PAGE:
07 March 2012

Chinese Elm- tough, durable, forgiving........

Ulmus parvifolia



Lacebark Elm
Chinese Elm

Popular Urban Tree
the natural shape is a "broom".  


 Chinese elms are durable,  deciduous, semi-deciduous  semi-evergreen tree trees with small leaves, a large trunk base, balanced root spread, and an evenly tapered trunk.Chinese Elm is native to China, Japan, Korea and Vietnam.



Seed ripen in late summer




Lacebark Elm
 flaky bark with mottled grays, tans and reds




 A very forgiving Tree

Ulmus parvifolia  tolerates a wide range of temperatures, light, and humidity conditions and makes  an excellent bonsai species, and is widely available. It is a good choice for beginners because of its high tolerance of pruning and benign neglect. 


“Bonsai Beginner” friendly 




Ulmus Parvifoliafine growth at the tips of the branches


Chinese Elm /Ulmus parvifolia
Keep Outdoors in a sunny location. 
Temperate trees that are fully frost hardy.
Check the compost daily but only water when necessary.
 Never allow the soil to dry out, keep it evenly moist.
In spring when the plant sports lots of new growth water more frequently to keep the soil moist. 
Allow shoots to extend 3 or 4 nodes then prune back to 1 or 2 leaves, to maintain shape
Frequent pruning can create good branch ramification.
Repot in spring before the buds begin to extend 
Fertilize at one-third strength during the growing season. 
There is no need to feed when the tree is dormant.
A great tree for beginners.





Popular choice as a bonsai species
Root over Rock

During summer Chinese Elm bonsai need some protection from extreme sun and heat. move them into a semi-shaded area. Also during the coldest months of winter it is best to protect them from severe freezing. Move them into a cold greenhouse or cover them with a plant blanket.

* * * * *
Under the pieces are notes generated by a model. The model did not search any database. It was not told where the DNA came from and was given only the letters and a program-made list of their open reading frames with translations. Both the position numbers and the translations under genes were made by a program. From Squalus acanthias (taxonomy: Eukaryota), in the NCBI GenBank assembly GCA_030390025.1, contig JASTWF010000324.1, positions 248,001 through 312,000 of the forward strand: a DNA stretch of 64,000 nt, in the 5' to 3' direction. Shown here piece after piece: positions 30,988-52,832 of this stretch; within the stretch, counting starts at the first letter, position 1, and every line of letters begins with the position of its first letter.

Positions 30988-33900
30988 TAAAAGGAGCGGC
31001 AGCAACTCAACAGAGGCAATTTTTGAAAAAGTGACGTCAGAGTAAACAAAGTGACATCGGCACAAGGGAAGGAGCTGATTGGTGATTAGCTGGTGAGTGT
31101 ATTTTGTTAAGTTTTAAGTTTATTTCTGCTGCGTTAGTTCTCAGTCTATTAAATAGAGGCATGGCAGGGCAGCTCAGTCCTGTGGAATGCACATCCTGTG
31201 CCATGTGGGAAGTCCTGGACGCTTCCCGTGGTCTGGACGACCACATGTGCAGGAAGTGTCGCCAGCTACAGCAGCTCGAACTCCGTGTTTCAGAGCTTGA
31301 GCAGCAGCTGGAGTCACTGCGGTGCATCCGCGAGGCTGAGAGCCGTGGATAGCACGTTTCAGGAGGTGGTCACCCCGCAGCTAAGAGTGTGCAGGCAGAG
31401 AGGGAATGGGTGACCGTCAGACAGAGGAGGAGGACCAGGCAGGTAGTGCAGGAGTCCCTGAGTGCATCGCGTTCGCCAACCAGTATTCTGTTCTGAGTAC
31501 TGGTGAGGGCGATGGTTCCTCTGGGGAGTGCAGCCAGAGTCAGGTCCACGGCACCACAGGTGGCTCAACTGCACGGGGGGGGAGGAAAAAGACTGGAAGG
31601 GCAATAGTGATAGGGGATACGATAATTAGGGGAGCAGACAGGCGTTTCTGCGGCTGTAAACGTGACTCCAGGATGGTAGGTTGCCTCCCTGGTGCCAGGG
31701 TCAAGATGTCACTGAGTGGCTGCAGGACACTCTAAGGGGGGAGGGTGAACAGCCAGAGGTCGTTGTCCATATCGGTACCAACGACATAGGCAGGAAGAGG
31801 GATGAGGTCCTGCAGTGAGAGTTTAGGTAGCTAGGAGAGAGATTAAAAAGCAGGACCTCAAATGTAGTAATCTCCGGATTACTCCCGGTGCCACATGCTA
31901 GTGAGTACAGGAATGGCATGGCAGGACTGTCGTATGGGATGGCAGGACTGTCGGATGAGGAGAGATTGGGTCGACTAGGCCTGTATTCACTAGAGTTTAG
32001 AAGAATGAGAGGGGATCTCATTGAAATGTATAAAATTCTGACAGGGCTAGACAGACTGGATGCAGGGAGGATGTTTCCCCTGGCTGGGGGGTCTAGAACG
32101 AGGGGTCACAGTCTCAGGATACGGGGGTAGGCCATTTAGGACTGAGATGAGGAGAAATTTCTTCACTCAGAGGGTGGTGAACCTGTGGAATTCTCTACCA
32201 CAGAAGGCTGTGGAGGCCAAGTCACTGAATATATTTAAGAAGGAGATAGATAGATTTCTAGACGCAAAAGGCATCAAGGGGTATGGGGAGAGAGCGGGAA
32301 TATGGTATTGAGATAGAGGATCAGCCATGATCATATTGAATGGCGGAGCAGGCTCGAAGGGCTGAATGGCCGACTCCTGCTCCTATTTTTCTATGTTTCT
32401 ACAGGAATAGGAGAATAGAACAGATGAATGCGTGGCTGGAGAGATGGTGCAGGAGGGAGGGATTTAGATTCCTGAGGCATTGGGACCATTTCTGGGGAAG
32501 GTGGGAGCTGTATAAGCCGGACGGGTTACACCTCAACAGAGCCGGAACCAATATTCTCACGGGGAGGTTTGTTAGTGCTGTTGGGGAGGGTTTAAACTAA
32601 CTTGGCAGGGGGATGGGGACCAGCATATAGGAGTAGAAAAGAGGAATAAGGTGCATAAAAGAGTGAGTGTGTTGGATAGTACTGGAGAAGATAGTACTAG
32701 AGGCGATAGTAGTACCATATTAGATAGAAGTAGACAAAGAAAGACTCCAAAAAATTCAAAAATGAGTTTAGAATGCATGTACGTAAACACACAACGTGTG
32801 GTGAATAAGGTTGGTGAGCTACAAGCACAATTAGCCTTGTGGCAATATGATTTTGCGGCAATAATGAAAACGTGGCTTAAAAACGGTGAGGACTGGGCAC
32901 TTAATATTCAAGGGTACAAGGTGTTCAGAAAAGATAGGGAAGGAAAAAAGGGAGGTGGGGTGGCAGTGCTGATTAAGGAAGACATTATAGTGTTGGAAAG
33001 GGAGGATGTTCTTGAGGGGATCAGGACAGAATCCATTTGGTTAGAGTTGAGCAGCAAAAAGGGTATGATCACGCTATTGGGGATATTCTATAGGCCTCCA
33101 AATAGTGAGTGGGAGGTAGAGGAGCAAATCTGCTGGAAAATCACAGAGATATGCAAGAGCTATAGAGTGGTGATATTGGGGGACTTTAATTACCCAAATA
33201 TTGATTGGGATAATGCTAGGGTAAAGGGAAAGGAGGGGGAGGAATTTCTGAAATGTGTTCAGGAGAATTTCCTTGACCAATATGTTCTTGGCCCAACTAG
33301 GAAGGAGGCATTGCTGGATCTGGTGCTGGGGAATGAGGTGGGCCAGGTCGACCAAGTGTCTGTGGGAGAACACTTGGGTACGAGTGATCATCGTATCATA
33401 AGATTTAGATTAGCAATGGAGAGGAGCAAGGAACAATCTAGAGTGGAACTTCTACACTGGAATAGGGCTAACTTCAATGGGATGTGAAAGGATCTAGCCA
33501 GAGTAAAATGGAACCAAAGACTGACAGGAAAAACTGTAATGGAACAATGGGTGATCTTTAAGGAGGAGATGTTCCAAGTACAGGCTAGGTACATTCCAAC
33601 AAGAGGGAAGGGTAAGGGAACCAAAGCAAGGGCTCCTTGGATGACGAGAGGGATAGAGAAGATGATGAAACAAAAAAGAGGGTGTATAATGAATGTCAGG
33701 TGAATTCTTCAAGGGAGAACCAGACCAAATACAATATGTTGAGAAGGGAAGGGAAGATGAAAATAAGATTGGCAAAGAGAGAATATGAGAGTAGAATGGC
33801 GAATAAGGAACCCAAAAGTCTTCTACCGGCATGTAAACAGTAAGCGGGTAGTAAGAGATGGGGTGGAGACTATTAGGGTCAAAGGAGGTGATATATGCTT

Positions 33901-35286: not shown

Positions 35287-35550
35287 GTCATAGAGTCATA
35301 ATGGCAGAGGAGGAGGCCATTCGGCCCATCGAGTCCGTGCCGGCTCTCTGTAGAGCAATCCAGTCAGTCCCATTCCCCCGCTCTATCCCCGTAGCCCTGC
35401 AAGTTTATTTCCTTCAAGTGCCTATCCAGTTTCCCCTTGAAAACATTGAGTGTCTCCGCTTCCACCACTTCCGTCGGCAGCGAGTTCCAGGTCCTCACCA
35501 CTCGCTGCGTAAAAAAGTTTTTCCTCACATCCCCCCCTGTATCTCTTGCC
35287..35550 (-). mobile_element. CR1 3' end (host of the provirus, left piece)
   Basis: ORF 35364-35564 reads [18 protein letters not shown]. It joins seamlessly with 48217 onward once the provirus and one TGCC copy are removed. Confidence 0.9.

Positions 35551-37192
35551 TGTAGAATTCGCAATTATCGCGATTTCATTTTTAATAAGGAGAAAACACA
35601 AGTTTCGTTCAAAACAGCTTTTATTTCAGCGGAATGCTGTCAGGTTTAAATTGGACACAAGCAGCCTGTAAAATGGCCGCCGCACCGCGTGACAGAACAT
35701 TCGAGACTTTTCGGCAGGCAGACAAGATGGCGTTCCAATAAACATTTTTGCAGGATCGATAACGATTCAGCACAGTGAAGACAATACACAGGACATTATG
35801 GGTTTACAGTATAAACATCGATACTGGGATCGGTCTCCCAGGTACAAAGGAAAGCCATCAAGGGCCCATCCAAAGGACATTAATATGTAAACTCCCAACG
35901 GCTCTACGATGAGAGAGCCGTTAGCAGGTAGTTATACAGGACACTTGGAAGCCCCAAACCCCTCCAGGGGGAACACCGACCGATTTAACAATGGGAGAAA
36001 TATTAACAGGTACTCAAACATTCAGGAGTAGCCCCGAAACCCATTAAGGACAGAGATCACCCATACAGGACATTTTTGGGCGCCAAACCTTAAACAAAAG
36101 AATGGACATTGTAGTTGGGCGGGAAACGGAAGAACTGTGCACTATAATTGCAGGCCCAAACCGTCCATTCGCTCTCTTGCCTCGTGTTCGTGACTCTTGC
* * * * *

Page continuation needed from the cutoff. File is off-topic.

Root over Chert
Savannah River Agate



 Ulmus parvifolia  bonsai is mass produced  and imported from Chinese nurseries. The "S" shaped trunk can be seen in many big box stores. They can have a nice graceful movement and can develop into very nice Bonsai, Pensai, or Penjing. Frequent pruning can create good branch ramification. 



Wind on the Mountain is a Chinese Elm (Ulmus parvifolia) Penjing
on display at the North Carolina Arboretum.





 An ideal tree for any Bonsai Beginner



Chinese Elm
Ulmus parvifolia






Lacebark Elm
 mottled grays, tans and reds





Ulmus parvifolia 'Frosty'


'Frosty' fringe on the leaves









Chinese Elm is easily Air-layered 




 Collected seedlings found growing under an Elm


Chinese elm seeds can be sown in late fall for early spring germination. As with most species, growing a tree from seed, will reproduce a generic Chinese elm. A new tree from cuttings will reproduce the exact same genetic set as the parent plant.



The seed have a high germination rate





 Collected seedlings planted in bonsai soil




Chinese elm cultivars:
  • Ulmus parvifolia ‘Catlin’
  • Ulmus parvifolia ‘Corticosa’
  • Ulmus parvifolia ‘Hokkaido’
  • Ulmus parvifolia ‘Seiju’
  • Ulmus parvifolia 'Yatsubusa'
  • Ulmus parvifolia 'Drake'
  • Ulmus parvifolia 'Frosty'
  • Ulmus parvifolia 'Nire-keyaki'
  • Ulmus parvifolia 'Emer I' or 'Emerald Isle' (Athena)
  • Ulmus parvifolia 'Emer II' or 'Emerald Vase' (Allee)
  • Ulmus parvifolia 'Matthew'





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